History of Auckland
Maori people are first thought to have settled in the Auckland region approximately 650 years ago. Auckland would seem to have been
a highly sought after area due to its rich and fertile land. The name given by the early Maori for the area, 'Tamaki', meaning 'battle',
would seem to confirm this.
The volcanic cones that are dotted all over Auckland became natural sites for pas, or fortified Maori settlements. Several of the
best known lookout areas in Auckland, such as Mount Eden and One Tree Hill, bear the traces of these pas.
Fierce inter-tribal conflict in the 1820s led to there being little organized Maori resistance to European settlement, and by 1840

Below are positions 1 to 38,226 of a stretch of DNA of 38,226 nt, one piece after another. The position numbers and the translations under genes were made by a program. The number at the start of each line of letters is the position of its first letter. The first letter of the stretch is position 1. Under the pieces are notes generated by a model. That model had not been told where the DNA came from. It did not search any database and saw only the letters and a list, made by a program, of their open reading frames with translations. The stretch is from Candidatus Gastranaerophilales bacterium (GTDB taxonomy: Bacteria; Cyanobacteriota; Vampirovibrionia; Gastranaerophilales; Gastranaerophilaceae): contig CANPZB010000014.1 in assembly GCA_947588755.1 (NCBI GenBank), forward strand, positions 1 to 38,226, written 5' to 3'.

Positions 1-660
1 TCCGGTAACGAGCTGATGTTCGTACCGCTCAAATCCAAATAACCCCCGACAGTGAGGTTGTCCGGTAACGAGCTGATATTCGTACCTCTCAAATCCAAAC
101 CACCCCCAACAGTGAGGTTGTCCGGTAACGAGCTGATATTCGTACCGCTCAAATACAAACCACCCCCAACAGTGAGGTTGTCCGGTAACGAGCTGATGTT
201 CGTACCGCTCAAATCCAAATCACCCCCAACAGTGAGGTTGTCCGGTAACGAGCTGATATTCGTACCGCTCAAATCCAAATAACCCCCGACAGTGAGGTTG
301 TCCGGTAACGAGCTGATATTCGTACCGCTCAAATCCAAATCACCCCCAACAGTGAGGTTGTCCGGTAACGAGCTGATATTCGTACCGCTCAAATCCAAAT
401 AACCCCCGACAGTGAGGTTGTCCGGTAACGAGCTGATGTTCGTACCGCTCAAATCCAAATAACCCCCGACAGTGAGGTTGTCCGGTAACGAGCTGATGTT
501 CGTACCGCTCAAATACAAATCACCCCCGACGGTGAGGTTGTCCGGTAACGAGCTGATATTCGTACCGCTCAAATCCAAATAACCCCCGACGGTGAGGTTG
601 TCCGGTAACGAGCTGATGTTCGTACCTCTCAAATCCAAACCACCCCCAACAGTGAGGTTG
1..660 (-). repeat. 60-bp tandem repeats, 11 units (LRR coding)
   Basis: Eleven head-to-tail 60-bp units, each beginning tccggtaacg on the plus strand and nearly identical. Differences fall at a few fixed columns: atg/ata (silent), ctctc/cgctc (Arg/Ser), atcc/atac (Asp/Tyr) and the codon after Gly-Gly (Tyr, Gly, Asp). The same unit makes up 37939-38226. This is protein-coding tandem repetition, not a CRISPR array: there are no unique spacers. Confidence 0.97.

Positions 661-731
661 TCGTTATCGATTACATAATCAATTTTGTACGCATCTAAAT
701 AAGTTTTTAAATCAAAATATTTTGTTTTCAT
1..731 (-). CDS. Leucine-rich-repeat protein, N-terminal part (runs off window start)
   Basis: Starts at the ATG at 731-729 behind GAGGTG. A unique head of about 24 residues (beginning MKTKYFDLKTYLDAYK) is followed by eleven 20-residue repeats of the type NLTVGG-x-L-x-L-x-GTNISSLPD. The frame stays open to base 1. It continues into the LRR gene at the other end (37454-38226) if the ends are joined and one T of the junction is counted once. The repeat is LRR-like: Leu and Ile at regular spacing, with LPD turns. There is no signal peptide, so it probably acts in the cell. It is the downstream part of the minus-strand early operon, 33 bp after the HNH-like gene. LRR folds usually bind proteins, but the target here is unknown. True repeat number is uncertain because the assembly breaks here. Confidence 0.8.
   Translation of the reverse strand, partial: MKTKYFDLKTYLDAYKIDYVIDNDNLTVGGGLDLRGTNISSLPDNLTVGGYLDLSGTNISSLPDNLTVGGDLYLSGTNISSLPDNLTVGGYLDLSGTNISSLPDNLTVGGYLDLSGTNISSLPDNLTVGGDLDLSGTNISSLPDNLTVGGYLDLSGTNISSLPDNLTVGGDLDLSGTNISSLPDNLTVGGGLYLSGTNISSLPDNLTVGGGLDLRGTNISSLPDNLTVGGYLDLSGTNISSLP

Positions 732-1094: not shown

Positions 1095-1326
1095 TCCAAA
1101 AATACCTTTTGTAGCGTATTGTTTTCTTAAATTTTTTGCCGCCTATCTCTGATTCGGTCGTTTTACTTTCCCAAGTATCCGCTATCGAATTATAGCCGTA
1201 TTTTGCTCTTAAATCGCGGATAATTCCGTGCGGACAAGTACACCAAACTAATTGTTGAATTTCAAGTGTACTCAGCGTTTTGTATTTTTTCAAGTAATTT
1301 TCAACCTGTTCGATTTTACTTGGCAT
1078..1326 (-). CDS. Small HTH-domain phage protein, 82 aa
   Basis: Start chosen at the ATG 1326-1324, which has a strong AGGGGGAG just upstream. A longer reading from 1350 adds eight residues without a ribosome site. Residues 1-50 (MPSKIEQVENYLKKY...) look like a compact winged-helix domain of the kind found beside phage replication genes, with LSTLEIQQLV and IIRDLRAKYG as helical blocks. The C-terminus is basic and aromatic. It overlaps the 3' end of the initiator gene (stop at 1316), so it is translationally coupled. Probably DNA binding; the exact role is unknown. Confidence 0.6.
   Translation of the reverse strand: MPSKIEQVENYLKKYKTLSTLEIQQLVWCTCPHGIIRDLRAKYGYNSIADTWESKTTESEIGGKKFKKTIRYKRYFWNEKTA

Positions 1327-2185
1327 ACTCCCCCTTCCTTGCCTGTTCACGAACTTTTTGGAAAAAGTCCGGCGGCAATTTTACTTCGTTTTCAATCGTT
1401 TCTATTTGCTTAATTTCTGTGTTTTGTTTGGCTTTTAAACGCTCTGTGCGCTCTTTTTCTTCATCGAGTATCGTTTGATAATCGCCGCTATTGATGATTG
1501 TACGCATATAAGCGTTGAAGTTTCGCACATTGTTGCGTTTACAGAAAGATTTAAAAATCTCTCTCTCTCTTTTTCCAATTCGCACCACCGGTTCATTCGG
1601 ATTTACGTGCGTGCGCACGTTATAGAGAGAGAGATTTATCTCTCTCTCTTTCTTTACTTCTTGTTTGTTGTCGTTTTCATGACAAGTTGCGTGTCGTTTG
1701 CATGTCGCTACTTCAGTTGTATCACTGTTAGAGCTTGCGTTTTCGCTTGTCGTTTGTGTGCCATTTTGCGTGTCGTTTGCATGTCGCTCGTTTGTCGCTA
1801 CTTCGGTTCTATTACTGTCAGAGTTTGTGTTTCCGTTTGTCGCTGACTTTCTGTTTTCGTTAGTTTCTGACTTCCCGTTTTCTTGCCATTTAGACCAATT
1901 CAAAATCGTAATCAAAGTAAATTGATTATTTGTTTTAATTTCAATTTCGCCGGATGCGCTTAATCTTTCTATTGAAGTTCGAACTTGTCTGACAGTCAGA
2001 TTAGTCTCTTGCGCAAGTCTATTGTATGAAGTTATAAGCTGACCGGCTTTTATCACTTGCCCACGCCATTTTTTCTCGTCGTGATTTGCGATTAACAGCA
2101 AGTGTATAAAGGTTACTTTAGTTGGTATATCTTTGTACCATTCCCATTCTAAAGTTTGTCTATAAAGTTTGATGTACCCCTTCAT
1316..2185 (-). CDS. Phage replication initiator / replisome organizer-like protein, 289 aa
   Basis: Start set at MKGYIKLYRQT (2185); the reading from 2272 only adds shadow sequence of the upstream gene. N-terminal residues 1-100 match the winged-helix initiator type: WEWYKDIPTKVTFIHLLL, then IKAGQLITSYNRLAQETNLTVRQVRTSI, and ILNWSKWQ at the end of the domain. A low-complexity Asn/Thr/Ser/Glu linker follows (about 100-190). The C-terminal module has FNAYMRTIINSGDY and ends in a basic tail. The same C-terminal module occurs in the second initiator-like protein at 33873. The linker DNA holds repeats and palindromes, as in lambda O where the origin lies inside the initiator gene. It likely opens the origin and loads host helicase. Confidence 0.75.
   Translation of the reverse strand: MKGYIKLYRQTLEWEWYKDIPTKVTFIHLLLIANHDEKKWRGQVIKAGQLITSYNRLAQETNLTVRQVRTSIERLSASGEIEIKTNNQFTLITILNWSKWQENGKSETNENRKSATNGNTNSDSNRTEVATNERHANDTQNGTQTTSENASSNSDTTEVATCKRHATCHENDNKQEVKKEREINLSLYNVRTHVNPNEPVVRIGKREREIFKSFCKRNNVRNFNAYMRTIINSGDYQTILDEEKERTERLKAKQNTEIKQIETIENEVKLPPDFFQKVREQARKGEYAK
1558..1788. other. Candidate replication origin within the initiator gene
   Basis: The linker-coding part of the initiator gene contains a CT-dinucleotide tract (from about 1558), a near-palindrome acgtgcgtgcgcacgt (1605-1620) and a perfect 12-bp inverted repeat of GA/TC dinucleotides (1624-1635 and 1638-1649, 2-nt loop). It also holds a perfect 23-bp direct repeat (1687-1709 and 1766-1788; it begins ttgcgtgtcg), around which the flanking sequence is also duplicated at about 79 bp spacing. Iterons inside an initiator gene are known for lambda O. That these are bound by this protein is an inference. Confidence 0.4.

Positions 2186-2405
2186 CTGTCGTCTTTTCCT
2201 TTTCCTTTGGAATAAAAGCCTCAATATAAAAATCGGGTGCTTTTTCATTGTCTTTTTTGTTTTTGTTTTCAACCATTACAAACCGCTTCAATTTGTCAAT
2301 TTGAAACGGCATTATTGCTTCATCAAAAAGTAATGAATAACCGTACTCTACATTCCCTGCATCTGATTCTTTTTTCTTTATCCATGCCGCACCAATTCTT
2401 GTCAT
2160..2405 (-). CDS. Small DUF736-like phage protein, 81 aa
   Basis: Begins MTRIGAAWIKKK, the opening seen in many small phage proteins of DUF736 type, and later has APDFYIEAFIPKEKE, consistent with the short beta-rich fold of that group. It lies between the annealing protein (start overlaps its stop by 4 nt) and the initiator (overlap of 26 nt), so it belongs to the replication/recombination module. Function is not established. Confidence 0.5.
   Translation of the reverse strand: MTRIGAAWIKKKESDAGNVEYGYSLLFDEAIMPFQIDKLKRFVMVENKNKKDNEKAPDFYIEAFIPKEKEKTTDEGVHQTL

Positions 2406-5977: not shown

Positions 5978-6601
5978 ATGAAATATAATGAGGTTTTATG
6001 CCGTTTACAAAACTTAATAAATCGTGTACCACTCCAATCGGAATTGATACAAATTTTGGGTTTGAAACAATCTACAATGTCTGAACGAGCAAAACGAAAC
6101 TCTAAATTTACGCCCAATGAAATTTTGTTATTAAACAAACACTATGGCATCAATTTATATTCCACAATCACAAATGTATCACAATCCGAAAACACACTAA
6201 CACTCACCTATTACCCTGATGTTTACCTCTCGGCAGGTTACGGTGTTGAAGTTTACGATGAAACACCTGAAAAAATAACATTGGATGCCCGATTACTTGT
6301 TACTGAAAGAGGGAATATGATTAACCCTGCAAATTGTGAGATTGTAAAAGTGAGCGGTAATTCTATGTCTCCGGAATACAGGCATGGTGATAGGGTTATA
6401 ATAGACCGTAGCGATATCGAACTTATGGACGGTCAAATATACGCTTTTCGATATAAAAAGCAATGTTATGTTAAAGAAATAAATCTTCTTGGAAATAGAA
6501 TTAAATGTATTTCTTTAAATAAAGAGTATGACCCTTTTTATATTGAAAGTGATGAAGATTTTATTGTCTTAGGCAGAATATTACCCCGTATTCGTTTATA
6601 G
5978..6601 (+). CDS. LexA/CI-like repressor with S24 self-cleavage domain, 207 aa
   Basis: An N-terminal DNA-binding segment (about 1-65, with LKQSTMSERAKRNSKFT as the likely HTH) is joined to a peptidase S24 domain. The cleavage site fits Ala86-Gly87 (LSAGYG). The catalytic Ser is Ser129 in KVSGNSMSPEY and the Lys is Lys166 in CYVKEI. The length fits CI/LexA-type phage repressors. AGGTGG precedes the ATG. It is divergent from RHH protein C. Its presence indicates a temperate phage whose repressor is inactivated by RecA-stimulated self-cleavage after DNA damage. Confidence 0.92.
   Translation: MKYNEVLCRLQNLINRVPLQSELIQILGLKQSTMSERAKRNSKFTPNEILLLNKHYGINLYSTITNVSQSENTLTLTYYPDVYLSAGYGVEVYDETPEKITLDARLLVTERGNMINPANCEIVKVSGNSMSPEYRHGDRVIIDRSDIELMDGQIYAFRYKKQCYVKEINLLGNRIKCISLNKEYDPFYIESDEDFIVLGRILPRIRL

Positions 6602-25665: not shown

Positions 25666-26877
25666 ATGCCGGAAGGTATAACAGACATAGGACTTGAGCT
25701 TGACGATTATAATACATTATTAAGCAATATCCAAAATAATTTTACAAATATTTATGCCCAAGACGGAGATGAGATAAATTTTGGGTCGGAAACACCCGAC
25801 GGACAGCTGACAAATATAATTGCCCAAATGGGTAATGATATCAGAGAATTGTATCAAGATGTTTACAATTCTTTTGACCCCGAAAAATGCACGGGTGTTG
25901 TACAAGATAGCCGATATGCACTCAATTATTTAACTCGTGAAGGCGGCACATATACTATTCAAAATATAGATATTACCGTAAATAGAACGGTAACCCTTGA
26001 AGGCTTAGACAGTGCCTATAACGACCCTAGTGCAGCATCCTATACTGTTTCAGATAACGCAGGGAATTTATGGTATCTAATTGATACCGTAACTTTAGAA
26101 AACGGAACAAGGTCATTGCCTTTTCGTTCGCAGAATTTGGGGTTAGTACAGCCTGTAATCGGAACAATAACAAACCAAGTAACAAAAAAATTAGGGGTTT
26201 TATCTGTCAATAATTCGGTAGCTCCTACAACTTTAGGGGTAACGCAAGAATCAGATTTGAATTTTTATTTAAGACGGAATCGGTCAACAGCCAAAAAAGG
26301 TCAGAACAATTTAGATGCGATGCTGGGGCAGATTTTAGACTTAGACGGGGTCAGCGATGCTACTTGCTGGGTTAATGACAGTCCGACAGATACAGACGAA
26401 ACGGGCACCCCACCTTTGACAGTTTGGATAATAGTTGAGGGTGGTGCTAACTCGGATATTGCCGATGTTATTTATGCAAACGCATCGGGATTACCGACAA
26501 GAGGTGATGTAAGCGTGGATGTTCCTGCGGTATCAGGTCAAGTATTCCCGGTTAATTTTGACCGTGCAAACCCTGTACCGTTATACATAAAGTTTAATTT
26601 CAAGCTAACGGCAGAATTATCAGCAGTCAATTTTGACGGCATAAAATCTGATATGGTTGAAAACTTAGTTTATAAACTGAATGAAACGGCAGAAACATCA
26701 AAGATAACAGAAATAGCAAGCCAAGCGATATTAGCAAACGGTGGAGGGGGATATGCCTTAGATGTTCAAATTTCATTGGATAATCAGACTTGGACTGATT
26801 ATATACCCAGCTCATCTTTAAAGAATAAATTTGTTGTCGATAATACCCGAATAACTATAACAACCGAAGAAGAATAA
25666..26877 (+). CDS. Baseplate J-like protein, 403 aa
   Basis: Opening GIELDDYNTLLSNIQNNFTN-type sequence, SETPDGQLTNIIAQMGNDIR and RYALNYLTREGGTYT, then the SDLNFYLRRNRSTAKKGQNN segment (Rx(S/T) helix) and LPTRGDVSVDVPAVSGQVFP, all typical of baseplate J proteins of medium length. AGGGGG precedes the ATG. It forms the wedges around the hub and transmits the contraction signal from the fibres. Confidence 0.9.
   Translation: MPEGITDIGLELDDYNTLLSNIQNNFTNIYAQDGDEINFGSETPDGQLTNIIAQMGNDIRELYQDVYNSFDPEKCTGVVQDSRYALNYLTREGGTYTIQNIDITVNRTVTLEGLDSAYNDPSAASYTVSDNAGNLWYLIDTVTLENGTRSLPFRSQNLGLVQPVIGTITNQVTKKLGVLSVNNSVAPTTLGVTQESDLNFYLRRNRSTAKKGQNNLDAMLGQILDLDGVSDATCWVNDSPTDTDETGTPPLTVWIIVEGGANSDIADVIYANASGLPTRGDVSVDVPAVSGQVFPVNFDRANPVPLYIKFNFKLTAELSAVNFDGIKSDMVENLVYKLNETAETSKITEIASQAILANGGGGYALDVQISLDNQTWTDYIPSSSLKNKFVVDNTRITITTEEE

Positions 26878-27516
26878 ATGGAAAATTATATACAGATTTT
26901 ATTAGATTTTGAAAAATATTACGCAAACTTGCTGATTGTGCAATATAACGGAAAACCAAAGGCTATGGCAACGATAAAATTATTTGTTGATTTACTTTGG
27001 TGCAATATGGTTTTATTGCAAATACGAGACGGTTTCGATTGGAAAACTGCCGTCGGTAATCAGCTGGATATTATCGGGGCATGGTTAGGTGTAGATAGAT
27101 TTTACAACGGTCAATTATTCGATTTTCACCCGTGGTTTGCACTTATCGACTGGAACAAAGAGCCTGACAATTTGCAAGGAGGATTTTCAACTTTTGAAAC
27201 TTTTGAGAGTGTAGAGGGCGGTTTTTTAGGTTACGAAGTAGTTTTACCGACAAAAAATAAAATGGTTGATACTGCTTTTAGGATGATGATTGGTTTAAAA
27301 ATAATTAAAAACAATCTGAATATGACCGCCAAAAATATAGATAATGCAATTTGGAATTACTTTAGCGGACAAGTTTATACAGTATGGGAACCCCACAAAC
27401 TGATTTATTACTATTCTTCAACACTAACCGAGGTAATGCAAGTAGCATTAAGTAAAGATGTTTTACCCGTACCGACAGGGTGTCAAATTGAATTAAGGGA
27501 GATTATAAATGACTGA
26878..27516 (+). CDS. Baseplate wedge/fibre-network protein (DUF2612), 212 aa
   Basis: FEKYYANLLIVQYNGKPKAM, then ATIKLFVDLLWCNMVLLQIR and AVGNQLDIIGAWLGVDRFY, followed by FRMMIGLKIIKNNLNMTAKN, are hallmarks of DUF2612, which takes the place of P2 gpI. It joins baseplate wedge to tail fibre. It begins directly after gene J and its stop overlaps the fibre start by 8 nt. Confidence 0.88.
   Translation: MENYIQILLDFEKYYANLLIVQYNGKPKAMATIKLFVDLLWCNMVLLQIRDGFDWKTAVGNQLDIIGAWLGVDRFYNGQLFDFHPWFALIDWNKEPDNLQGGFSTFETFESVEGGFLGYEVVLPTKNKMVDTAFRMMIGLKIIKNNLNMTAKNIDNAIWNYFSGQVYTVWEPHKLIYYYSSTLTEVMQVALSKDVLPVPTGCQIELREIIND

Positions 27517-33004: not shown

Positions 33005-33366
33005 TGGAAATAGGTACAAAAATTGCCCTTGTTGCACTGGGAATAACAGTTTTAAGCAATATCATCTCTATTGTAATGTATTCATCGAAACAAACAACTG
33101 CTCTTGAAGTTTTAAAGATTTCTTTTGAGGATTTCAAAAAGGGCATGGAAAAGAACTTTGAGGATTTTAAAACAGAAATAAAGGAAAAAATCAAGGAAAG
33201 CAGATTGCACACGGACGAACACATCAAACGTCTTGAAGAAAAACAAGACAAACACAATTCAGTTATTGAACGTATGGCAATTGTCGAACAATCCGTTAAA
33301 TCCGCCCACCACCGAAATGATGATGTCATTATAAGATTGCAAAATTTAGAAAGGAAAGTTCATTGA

the British had either beaten or bought out (generally for a few trinkets) the Ngati Whatua tribe.
The onset of systematic European settlement can be traced to 1840. New Zealand's first governor, Captain William Hobson, chose
Auckland as the capital. Hobson decided upon the name Auckland, in honour of his patron and former commander, Lord Auckland (at that
time, the viceroy of India). Many of the other place names in Auckland bear the influence of Hobson's patron. Lord Auckland's family
name was Eden, and a great many parts of the city bear this name.